A Boston-based lobster company said Thursday that it plans to complete its acquisition of the nation’s last full-time sardine cannery by the middle of January despite snags that have put the purchase of the idled plant months behind schedule.

The closing date for the former Stinson Seafood plant in Gouldsboro is now Jan. 14, but the sale could occur before then, said Antonio Bussone, president of Live Lobster Co. Bussone plans to use the plant to handle lobsters and lobster bait, not to process sardines.

Bumble Bee Foods LLC closed the plant in April, eliminating nearly 130 jobs. The goal had been to complete the sale by early October.

The sale has been pushed back because of the complexity of the deal and a lawsuit that has forced Live Lobster to find a new lender to finance the purchase, Bussone said.

“We’re talking about a pretty serious purchase here and a big property,” he said. “It’s not as simple as buying a two-bedroom condo.”

Gouldsboro selectmen aren’t convinced that Live Lobster will complete the deal on the century-old property, where generations of workers packed sardines. The company told residents that it would begin operating last summer, even before the sale was completed, but the plant has remained empty, they said.

“I don’t think anyone’s feeling confident,” said Selectman Dana Rice. “Obviously, everyone in this area would like to see jobs created there, there’s no doubt about that. But there are a lot of ifs here.”

When the Stinson plant shut down, it marked the end of an era in Maine, which once had scores of canneries along its coast. Production has declined since peaking 60 years ago, and plants fell by the wayside until the Stinson plant was the last full-time plant operating in the U.S.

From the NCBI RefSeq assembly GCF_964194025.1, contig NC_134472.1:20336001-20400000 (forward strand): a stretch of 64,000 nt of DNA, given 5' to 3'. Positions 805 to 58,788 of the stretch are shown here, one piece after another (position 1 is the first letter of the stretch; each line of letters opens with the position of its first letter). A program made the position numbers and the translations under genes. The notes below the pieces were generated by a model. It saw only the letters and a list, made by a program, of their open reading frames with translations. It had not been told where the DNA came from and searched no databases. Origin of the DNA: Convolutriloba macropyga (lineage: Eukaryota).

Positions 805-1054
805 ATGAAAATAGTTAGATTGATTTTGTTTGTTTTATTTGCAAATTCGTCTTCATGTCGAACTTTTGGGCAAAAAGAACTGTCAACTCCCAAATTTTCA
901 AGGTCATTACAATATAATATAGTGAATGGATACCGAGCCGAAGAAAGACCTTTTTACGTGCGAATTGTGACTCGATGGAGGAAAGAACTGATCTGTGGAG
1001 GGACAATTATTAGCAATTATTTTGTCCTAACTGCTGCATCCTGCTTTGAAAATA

Bussone insists that the sale will happen, saying Bumble Bee already has cashed a $100,000 security deposit he made when he signed a purchase-and-sales agreement. In an e-mail from its public relations firm, Bumble Bee said it’s still working toward completing the deal.

One of the complications is a lawsuit filed against Bussone in June by his company’s former general manager. A judge’s decision last week prevents Live Lobster from using its assets as collateral to buy the plant with financing through TD Bank.

Bussone said he’s not pleased with the court order but he has financing lined up from other lenders if needed.

When the sale is complete, Bussone said, he plans to build a tank that can hold as much as 180,000 pounds of lobster and a large cooler to store bait for lobstermen. He hopes to have 30 to 40 employees by the end of 2011.

There are also concerns that the sale of the Stinson plant could be jeopardized by the sale of Bumble Bee Foods itself.

The British investment firm Lion Capital LLP said last month that it has agreed to buy Bumble Bee Foods, which is based in San Diego, from the private equity firm Centre Partners Management LLC for an undisclosed sum.

“I don’t know what they intend to do with this little factory here in Maine,” said Selectman Bill Thayer. “I don’t know what it will mean to the new owners.”